If you don't have a dedicated wine cellar, invest in a wine fridge or find a cool, dark, and undisturbed spot in your home. The basement or space underneath the stairs can be ideal locations to build your cellar. Some ideas for cellar ideas and designs are listed here

Creating the Ideal Environment for Your Collection

Wine, like a temperamental diva, requires the perfect setting to age gracefully. Remember these tips to create the ideal environment for your vintages:

  • Steady Temperature: Maintain a constant temperature between 50 to 59°F (10 to 15°C). Fluctuations can cause unwanted reactions, ruining the taste party.
  • Darkness Reigns: Shield your bottles from the spotlight by storing them in a dark place. Sunlight can wreak havoc on the wine's delicate components.
  • Say No to Vibrations: Keep the cellar serene and steady, as vibrations can jostle the wine and disrupt its peaceful aging process.
  • Relative Humidity: Aim for a relative humidity level of 60-80% to prevent corks from drying out and spoiling the precious contents, as well as controlling moisture to avoid mold.
How Many Bottles Should You Aim For?

The beauty of wine cellaring is that there's no one-size-fits-all answer. Aim for a collection size that suits your drinking habits, storage capacity, and budget. A range of 50 to 100 bottles is a good goal for seasoned enthusiasts, while beginners can find joy in nurturing a smaller collection.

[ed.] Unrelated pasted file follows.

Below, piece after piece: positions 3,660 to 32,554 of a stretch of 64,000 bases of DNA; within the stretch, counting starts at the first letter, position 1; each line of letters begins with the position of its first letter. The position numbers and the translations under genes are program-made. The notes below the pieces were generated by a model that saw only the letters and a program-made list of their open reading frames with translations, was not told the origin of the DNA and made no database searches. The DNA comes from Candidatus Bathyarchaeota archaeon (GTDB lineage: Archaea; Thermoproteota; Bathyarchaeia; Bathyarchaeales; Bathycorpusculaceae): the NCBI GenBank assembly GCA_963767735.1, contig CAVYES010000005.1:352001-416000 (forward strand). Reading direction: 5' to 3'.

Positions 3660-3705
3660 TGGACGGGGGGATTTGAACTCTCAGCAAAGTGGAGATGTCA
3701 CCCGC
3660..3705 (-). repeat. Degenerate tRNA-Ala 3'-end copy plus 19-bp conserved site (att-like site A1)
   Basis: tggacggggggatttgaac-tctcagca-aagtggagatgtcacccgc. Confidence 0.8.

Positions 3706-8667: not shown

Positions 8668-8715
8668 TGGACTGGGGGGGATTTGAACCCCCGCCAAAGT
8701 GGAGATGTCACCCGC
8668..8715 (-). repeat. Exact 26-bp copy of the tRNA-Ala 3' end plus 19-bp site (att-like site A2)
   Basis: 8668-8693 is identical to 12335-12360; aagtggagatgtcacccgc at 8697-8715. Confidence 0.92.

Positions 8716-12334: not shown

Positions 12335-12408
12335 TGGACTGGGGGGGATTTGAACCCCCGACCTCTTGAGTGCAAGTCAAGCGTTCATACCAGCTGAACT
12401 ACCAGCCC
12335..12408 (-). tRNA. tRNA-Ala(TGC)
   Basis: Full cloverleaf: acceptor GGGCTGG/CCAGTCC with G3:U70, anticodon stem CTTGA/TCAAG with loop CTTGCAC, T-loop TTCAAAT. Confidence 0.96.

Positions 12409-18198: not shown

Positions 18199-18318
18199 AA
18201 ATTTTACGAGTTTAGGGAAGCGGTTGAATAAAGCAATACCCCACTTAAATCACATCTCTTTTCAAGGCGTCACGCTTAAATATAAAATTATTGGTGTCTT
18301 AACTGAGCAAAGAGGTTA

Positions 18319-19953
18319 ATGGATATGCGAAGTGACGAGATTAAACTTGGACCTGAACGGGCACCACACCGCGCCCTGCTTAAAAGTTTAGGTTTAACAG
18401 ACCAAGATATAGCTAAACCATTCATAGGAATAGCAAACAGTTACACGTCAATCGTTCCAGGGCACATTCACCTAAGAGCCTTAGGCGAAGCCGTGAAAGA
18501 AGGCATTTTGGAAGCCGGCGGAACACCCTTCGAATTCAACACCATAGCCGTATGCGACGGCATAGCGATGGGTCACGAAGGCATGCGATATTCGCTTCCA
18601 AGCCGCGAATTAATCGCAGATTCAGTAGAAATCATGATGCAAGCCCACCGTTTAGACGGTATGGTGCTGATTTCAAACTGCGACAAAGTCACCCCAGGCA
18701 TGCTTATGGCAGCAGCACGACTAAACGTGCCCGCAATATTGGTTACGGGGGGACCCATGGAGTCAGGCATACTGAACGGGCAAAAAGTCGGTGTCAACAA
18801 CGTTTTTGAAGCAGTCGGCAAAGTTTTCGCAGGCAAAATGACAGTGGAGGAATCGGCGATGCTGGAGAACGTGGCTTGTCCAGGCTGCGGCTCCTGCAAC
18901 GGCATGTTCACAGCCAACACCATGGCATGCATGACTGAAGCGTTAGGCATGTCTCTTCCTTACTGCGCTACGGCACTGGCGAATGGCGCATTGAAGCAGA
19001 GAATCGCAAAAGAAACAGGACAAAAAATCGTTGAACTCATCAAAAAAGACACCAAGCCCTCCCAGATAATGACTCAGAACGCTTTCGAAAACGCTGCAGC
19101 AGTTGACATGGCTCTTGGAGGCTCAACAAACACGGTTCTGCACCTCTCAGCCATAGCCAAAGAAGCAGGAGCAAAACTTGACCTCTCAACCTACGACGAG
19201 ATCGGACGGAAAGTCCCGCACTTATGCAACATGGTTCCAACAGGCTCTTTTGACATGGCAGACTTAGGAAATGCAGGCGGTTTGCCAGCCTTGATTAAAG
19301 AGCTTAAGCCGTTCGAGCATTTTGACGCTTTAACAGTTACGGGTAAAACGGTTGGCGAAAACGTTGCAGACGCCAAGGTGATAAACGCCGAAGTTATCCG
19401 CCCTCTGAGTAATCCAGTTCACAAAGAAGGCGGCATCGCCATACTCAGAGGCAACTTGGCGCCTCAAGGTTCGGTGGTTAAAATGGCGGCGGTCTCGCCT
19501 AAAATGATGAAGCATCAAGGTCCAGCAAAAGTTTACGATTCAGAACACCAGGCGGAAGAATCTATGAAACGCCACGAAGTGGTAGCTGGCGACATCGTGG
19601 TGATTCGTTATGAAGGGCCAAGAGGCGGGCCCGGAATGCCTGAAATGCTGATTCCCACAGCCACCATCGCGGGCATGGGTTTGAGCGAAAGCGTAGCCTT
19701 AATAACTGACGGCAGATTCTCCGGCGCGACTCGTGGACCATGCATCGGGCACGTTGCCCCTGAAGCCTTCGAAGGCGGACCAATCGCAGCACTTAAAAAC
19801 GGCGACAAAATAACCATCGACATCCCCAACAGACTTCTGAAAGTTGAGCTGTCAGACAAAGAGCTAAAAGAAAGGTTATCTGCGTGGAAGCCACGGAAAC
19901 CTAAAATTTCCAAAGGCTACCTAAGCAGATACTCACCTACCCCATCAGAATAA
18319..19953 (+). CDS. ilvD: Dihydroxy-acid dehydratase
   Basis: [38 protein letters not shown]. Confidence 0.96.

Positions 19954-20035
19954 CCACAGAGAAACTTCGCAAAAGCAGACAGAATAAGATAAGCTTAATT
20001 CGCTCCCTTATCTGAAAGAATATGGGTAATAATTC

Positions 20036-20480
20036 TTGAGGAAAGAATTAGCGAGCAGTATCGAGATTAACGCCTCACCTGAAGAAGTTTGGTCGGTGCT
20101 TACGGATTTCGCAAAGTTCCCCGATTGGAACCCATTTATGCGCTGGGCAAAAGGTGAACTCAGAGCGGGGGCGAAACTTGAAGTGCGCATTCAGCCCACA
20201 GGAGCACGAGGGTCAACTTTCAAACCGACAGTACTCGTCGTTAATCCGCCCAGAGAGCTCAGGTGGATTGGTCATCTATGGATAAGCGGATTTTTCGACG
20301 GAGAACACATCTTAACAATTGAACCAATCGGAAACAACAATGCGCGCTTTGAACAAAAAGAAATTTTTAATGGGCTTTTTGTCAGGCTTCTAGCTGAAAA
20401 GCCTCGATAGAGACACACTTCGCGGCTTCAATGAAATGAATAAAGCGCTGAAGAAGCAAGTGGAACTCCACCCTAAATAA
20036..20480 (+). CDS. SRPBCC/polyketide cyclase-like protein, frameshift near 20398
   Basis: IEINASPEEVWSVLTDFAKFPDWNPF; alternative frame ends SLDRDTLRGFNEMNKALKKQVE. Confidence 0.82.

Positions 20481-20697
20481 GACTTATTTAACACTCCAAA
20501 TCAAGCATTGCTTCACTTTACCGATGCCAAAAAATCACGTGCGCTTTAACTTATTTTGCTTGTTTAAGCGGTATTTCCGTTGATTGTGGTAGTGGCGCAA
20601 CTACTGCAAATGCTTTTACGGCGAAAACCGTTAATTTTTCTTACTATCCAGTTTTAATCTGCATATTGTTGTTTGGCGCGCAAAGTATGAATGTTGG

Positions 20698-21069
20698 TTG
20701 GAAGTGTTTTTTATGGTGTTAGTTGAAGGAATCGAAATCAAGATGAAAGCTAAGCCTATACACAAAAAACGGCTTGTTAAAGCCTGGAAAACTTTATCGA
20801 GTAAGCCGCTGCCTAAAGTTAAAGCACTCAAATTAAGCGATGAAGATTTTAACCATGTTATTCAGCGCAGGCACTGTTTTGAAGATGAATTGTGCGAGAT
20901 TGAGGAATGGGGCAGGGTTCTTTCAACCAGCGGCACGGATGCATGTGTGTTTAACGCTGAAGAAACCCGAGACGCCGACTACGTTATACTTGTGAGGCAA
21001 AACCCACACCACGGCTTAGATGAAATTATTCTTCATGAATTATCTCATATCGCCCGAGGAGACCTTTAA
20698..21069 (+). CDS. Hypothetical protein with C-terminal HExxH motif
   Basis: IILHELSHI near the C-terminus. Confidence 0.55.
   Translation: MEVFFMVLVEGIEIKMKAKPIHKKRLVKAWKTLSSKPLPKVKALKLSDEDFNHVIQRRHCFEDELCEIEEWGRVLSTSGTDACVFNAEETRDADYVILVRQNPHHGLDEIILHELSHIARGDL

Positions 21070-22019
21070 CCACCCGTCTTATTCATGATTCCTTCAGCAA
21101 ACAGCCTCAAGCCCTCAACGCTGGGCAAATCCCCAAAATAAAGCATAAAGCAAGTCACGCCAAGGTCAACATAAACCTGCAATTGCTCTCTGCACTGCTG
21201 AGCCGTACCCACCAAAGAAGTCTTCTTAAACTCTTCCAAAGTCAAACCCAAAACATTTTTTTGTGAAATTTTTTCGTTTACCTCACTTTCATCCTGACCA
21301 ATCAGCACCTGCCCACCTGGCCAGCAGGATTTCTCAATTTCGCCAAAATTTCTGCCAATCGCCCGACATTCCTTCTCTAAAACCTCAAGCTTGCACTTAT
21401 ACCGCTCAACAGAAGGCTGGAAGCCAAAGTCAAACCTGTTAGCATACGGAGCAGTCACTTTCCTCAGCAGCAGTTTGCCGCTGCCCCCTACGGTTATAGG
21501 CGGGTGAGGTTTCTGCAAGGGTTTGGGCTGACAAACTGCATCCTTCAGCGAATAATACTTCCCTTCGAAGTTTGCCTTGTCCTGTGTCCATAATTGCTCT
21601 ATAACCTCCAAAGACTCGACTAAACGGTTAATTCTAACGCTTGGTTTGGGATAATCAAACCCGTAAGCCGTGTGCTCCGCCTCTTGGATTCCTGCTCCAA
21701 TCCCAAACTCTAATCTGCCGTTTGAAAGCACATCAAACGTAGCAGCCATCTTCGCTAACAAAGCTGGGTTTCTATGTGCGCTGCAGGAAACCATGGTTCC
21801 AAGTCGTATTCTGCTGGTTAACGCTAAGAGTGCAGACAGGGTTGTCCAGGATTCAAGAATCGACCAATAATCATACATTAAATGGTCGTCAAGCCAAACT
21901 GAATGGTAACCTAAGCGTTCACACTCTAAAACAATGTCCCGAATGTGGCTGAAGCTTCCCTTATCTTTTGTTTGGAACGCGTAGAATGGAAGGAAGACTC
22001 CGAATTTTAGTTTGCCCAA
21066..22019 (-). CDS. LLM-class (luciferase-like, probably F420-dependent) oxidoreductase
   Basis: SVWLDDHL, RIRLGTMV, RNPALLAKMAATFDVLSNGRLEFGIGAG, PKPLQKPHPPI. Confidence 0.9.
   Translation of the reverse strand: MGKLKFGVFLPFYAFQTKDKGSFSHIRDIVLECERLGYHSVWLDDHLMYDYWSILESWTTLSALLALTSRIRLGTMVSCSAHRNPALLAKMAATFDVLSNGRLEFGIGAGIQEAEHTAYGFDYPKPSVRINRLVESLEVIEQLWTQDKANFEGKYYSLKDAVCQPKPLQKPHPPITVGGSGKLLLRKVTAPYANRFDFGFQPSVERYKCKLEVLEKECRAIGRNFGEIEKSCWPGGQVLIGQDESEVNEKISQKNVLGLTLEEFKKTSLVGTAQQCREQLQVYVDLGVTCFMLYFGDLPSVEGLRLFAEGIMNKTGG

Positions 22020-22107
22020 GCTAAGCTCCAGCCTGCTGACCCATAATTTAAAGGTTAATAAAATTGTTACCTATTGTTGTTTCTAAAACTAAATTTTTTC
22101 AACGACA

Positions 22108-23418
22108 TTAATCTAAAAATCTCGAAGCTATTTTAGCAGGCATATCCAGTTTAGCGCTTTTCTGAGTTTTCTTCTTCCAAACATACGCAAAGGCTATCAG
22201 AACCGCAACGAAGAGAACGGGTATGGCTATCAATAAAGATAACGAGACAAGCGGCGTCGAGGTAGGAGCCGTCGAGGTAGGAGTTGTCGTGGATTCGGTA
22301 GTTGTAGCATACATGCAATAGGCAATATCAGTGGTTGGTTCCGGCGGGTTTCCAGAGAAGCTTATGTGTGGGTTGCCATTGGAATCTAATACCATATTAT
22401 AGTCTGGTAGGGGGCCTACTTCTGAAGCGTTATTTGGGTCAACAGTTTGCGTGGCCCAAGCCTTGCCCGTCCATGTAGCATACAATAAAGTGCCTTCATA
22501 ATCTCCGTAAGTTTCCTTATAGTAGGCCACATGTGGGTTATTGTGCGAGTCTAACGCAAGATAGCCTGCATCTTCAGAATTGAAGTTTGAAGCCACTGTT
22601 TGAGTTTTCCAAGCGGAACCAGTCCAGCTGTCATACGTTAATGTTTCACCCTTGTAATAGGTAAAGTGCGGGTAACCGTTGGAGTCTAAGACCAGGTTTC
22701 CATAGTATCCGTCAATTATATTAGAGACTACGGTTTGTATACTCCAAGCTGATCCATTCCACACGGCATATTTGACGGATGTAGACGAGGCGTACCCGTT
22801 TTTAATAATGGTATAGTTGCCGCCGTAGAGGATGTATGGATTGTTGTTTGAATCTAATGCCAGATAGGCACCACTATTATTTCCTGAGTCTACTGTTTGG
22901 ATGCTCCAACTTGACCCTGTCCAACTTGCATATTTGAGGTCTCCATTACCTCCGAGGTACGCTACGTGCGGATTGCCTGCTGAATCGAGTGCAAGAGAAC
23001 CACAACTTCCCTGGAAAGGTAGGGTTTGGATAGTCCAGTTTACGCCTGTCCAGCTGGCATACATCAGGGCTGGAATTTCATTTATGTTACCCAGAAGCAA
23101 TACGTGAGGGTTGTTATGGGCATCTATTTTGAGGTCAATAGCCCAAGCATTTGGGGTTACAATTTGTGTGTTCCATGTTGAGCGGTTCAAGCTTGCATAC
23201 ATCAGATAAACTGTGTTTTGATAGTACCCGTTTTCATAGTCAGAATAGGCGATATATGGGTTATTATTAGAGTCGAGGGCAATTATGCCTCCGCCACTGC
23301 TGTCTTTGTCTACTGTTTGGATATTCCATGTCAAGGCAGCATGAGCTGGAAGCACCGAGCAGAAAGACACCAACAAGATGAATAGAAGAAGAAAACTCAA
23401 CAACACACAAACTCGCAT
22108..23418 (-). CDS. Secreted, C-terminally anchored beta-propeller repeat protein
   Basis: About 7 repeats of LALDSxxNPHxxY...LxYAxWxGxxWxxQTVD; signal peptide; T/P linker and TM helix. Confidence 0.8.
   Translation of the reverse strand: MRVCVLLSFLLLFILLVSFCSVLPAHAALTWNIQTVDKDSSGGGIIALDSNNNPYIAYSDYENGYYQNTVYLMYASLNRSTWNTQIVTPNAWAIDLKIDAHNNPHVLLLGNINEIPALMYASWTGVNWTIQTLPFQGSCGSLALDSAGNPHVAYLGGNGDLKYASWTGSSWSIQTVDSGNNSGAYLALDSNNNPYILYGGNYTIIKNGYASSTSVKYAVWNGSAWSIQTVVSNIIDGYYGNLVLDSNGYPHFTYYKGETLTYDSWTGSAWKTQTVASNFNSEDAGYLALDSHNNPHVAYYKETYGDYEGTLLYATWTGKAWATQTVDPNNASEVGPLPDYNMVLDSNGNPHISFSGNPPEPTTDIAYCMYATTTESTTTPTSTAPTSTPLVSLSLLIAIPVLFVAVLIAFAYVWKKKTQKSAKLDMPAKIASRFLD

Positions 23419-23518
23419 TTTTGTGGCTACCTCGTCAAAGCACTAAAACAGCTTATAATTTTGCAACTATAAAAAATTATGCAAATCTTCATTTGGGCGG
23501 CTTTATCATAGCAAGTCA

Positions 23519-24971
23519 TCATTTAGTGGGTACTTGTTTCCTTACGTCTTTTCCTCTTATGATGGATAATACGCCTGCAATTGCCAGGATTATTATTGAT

how many bottles to store in a wine cellar

Cellaring wine requires patience and a steadfast commitment. Unlike instant gratification, aging wine can take years before reaching its peak. But the rewards are truly worth the wait. With each passing day, each bottle evolves revealing new layers of flavours and aromas. It’s akin to opening a time capsule that preserves the essence of the vineyard and winemaking artistry. These treasures reflect the intricate complexity that only grows more profound with time.

Cheers to aging gracefully!